US drug giant Pfizer said Friday it will appeal against an Indian ruling overturning a patent for a cancer drug, saying the decision sparks questions about intellectual property protection in India.
Indian generics drugs heavyweight Cipla teamed up with other generic local pharmaceutical companies to oppose the granting of the domestic patent for Sutent, which is used to fight liver and kidney cancer.
The decision went to the heart of India's patent act, which says a patent cannot be granted for a drug unless changes make it significantly more effective and innovative.
"The patentee (Pfizer) has miserably failed to demonstrate any improved activity" warranting a patent, the office said in its decision.
"I conclude that the invention that is claimed in the patent does not involve any inventive step... and hence (is) not patentable," Nilanjana Mukherjee, senior patent officer, said.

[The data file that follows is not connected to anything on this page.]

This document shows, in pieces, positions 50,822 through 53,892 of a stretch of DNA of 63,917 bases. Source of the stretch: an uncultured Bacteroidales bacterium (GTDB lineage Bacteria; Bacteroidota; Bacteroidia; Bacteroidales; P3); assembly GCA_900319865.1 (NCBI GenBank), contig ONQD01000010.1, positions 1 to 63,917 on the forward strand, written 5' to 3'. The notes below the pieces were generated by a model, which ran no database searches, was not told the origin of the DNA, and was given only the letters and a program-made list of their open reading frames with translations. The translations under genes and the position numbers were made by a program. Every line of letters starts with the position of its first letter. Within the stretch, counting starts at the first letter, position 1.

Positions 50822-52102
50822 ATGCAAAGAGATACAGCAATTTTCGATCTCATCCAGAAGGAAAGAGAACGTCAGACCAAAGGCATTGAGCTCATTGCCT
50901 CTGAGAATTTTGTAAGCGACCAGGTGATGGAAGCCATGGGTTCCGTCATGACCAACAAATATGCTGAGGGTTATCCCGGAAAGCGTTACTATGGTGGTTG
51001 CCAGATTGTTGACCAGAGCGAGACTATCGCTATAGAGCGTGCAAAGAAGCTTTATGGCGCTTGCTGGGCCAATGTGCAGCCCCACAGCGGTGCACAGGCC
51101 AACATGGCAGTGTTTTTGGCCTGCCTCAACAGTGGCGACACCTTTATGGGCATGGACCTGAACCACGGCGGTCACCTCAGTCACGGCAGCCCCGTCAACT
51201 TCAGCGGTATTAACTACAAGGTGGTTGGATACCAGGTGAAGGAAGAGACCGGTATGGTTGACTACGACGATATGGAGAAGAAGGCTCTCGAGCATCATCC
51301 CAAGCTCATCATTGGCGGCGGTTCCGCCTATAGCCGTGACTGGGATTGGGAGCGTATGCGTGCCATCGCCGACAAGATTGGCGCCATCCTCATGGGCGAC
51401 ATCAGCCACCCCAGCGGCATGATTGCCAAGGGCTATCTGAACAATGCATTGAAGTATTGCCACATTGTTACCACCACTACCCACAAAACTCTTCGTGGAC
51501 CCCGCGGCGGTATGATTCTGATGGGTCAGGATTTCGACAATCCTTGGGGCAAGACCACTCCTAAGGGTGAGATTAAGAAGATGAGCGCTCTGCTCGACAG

A spokesman for Cipla, which revolutionised AIDS treatment by supplying cut-price drugs to the world's poor and which has been campaigning to be able offer other low-cost generic drugs, had no immediate comment.
But Pfizer managing director Jazz Tobaccowalla said the company believes the ruling "undermines intellectual property rights in India".
"We will vigorously defend our basic Sutent patent," the Pfizer executive said in a statement, adding the company would appeal against the ruling to India's Intellectual Property Appellate Board.
The patent decision marked another win by Cipla against a high-profile global pharmaceutical company.
In September, a court threw out a patent infringement case launched against it by Swiss drugmaker F. Hoffmann-La Roche over the Mumbai firm's version of a lung-cancer drug, ruling it had a different molecular makeup.
The cases have been watched worldwide as they involve interpretation of stricter drug patent protection rules introduced by India in 2005 to comply with World Trade Organization regulations.
India is the world's leading exporter and manufacturer of non-branded medicines.
Medical charities have expressed concern that compliance with WTO rules could reduce the country's role as a supplier of cheap medicines.
But Western firms are sceptical about protection in India where low-costing generics comprise more than 90 percent of sales and the government is under pressure to make drugs affordable to the mainly poor population.